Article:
Rare ultramassive black hole is 33 billion times heavier than our sun

Black holes are heavy. They are the densest objects in the universe, so massive that their gravitational pull doesn’t even let light escape (hence the name).

But it seems even in the world of black holes there are monstrous objects that are in a league of their own.

This week, astronomers found a black hole 33 billion times heavier than our sun, approaching the upper limit of how large black holes can theoretically become. The cosmic giant sits at the centre of the supergiant elliptical galaxy Abell 1201, 2.7 billion light years from Earth.

So large is the black hole that it has been given the very rare designation: “ultramassive black hole”.

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Black holes are the collapsed cores of massive stars that have stopped producing energy.

Smaller black holes can be in the range of 10 to 100 times the mass of the sun (a solar mass). Supermassive black holes can be millions or even billions of solar masses. Ultramassive black holes are between tens of billions of solar masses.

The heaviest black hole known in the universe is the aptly named TON 618, estimated to be 66 billion times the mass of our sun.

While only half that mass, the newly discovered ultramassive black hole in the centre of Abell 1201 is still a monster. It is over 8,000 times heavier than Sagittarius A* – the supermassive black hole at the centre of our Milky Way galaxy.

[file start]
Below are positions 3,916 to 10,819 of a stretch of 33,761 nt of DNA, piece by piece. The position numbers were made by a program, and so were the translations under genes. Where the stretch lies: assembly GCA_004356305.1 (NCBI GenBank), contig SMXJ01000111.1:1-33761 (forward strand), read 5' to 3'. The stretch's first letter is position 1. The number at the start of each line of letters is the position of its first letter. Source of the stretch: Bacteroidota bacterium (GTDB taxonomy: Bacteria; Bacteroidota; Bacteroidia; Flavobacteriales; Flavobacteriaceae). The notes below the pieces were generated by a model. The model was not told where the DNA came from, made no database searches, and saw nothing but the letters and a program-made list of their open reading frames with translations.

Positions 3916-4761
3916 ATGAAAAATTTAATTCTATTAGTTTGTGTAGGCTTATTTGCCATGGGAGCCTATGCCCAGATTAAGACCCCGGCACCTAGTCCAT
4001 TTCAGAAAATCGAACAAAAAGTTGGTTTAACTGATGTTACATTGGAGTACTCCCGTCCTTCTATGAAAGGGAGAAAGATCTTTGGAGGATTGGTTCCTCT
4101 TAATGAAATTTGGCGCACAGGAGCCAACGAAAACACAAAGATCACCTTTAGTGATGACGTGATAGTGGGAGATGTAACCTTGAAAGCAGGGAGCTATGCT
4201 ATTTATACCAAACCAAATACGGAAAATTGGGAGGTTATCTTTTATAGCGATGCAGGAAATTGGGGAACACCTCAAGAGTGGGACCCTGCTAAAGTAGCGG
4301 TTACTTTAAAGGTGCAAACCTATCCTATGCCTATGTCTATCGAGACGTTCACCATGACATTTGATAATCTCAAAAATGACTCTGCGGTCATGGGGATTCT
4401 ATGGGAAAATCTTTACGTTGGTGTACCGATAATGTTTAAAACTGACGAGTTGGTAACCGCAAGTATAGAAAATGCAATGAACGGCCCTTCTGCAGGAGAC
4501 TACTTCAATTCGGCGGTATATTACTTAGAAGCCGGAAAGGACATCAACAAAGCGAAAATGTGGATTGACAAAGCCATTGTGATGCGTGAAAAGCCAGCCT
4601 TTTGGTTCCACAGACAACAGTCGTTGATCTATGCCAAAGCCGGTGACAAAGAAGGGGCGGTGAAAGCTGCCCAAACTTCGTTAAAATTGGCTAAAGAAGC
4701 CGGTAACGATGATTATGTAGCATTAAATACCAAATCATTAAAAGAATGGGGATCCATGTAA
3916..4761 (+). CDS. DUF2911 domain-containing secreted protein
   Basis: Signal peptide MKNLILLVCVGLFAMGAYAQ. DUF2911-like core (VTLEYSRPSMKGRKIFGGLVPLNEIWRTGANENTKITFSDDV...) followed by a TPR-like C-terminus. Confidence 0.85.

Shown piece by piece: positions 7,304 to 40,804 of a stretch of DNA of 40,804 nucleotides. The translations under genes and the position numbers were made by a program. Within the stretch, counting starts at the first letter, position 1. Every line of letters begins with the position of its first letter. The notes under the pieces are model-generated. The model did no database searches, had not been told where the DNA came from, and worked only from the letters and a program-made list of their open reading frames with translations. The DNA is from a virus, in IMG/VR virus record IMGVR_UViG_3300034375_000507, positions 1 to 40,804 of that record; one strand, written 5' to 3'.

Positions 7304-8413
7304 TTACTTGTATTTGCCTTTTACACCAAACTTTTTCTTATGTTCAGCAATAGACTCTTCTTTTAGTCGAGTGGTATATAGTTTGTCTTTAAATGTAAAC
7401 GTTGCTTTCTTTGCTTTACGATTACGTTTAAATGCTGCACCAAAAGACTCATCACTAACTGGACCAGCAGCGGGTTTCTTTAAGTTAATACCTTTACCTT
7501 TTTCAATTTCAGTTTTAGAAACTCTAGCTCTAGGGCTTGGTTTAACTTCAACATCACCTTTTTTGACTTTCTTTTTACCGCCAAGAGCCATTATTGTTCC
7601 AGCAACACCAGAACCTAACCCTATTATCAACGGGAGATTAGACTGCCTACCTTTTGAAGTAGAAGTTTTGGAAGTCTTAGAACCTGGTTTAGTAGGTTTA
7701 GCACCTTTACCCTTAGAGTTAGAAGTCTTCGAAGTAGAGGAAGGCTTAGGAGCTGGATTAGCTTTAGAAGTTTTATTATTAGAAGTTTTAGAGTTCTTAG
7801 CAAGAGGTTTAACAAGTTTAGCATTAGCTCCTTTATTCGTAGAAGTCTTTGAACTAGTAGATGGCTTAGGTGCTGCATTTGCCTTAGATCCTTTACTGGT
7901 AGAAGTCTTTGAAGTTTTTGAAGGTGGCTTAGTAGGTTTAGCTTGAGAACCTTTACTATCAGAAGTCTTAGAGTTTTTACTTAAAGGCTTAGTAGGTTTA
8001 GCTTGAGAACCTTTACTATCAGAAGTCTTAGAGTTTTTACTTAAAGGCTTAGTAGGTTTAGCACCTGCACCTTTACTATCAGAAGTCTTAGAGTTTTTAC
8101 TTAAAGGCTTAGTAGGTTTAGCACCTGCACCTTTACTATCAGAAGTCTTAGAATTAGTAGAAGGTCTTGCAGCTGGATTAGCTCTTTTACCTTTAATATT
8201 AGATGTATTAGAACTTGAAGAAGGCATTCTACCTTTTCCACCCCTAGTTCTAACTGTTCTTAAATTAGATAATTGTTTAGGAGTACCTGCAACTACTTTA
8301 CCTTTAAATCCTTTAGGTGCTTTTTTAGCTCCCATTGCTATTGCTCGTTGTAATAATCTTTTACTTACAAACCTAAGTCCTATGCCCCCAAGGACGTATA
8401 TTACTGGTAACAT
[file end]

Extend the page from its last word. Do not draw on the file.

The ultramassive black hole was also the first black hole to be discovered using gravitational lensing.

Gravitational lensing is when a massive object, like a galaxy, bends the light from a more distant object, thereby magnifying it.

A video showing how Astronomers used gravitational lensing to discover a black hole 30 billion times the mass of the sun in a galaxy 2 billion light years away. Credit: Durham University.

A team led by researchers at Durham University in the UK, was able to use gravitational lensing data from NASA’s Hubble telescope and supercomputer simulations at the DiRAC HPC facility, to match the images received from the telescope to the simulated effect of an ultramassive black hole.

“Most of the biggest black holes that we know about are in an active state, where matter pulled in close to the black hole heats up and releases energy in the form of light, X-rays, and other radiation,” says Dr James Nightingale from Durham University.

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“However, gravitational lensing makes it possible to study inactive black holes, something not currently possible in distant galaxies. This approach could let us detect many more black holes beyond our local universe [the area in the universe nearby to our galaxy] and reveal how these exotic objects evolved further back in cosmic time.”

The research is published in the Monthly Notices of the Royal Astronomical Society.

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